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Health Equity Research
Prepared by Monique Lambert, PhD
Establishing a Health Equity Research Division in the Office of Research Patient Care Services
In 2021, SHC established a Health Equity Research Division in the Office of Research Patient Care Services (ORPCS) under the leadership of Dr. Michelle Y. Williams, PhD, RN, ORPCS Executive Director and Clinical Assistant Professor in the Division of Primary Care and Population Health at Stanford Medicine. The focus of SHC’s Health Equity Research Division is to identify health and healthcare disparities experienced by adult patients across SHC’s inpatient and ambulatory patient care environments, settings, and practices.
In October 2021, Dr. Michelle Y. Williams, PhD, RN (ORPCS Executive Director), Dr. Amy Lu, MD, MPH (former Associate Chief Quality Officer for Health Equity), and Monique H. Lambert, PhD (ORPCS Director of Health Equity Research) delivered an inaugural Health Equity Board Education Session to SHC’s Board of Directors. Dr. Williams began the Board Education Session by providing an overview of SHC’s health equity governance structure, operational plan, and newly created ORPCS Health Equity Research Division. Dr. Williams’ presentation included a health equity framework centered on:
(1) advancing SHC’s workforce and leadership diversity, and
(2) achieving health equity in SHC patient outcomes and patient experience.
Dr. Williams described execution of the operational plan beginning with collecting baseline data on workforce and leadership diversity and patient demographics, outcomes, and experience (Level 1), then went on to outline plans for building upon SHC baseline data to advance SHC’s future health equity efforts which included publicly reported data on diversity in SHC’s workforce & leadership and health equity data on patient outcomes and experience (Level 4).
The next segment of the Health Equity Board Education Session, led by Dr. Monique H. Lambert, PhD, focused on deconstructing the terms equality, equity, and disparities from a human-centered, systems perspective. Dr. Lambert’s presentation included a case study, which depicted enrollment of a non-English speaking patient into an inpatient clinical trial, to illustrate ways in which differences in physician, nurse, and patient incentives, interests, and social psychology can inadvertently lead to ‘embedded’ health equity risks in the context of everyday clinical practice.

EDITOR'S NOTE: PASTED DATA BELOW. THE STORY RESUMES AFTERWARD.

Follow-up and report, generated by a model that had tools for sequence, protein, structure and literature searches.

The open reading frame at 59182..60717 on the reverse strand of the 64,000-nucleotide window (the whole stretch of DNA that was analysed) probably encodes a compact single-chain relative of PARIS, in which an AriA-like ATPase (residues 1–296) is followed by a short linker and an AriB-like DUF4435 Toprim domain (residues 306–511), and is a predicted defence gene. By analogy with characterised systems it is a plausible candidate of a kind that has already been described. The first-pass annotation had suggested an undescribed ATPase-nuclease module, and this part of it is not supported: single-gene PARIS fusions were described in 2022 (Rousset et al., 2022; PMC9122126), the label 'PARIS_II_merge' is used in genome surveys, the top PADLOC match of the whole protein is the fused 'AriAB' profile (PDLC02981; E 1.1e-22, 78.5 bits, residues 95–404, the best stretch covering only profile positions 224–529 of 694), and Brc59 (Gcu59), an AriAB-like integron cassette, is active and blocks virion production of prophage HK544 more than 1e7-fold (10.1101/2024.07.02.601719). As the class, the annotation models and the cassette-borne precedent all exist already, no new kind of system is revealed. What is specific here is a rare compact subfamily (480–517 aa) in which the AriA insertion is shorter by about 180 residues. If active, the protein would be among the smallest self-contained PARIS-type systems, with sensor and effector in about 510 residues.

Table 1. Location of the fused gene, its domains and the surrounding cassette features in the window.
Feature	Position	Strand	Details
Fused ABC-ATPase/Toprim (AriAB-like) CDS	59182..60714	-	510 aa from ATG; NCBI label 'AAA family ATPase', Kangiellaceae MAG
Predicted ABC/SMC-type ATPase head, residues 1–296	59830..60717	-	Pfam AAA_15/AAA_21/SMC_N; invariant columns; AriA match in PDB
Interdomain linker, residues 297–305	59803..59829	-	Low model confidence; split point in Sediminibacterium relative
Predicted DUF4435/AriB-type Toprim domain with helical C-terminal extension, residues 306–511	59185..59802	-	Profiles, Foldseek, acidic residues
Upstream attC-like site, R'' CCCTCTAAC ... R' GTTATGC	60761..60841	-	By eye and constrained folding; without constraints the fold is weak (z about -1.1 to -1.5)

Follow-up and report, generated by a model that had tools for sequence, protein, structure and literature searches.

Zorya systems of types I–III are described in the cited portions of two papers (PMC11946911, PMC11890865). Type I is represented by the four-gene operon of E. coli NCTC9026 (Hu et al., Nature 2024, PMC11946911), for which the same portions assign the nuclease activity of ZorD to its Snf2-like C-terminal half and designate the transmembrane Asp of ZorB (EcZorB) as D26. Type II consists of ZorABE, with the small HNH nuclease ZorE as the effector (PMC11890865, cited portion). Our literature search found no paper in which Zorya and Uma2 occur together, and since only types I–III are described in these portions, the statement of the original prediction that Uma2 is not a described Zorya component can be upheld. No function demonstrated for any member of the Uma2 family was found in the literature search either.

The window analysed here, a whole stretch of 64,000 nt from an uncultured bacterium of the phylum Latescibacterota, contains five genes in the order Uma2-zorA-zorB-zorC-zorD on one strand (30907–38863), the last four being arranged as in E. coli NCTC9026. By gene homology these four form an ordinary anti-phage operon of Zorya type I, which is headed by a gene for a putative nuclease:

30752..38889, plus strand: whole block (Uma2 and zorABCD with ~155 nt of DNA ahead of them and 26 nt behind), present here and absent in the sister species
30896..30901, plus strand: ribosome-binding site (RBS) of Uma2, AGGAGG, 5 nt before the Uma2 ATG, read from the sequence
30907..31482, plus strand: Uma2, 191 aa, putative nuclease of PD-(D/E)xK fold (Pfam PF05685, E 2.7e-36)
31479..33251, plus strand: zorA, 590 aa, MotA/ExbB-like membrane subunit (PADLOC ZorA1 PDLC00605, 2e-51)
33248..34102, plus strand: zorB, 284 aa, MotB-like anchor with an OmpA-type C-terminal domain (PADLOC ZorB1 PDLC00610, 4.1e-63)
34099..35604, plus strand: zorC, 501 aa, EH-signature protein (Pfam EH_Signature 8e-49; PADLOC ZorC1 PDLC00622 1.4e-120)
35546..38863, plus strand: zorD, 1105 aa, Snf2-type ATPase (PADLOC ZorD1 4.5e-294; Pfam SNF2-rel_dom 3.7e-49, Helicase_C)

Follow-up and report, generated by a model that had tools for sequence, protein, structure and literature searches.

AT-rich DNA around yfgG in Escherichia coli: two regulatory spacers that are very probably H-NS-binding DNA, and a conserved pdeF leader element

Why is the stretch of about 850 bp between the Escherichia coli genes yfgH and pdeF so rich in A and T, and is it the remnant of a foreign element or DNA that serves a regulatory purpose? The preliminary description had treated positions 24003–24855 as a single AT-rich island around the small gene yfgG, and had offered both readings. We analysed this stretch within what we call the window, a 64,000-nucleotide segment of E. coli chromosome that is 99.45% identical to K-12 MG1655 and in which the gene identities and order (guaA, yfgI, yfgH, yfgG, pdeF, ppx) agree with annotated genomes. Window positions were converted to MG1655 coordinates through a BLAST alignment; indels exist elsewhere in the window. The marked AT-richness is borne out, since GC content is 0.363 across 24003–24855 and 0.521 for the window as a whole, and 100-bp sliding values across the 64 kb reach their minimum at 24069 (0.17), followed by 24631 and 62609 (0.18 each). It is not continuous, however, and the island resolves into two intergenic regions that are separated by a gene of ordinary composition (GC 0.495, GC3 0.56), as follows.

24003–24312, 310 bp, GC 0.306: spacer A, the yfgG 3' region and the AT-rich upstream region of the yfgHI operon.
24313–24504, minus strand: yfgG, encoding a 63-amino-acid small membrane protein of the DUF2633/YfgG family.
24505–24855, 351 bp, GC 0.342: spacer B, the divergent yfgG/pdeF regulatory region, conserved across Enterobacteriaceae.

Dr. Amy Lu, MD, MPH concluded the board session with an update of ongoing health equity efforts led by Stanford Medicine. Dr. Lu described SHC’s upcoming participation in the We Ask Because We Care campaign, targeted for Q4 FY22, focused on collecting health equity-related patient demographic data on gender, age, race/ethnicity, language, socioeconomic status (SES) and primary insurance. Dr. Lu concluded her session by providing an overview of the Stanford Medicine’s Health Equity Action Leadership (HEAL) Network featuring a community partnership with the Aloha Roller Risk in East San Jose aimed at improving equitable access to vaccines for one of the San Francisco Bay Area’s hardest hit communities during the COVID-19 pandemic.
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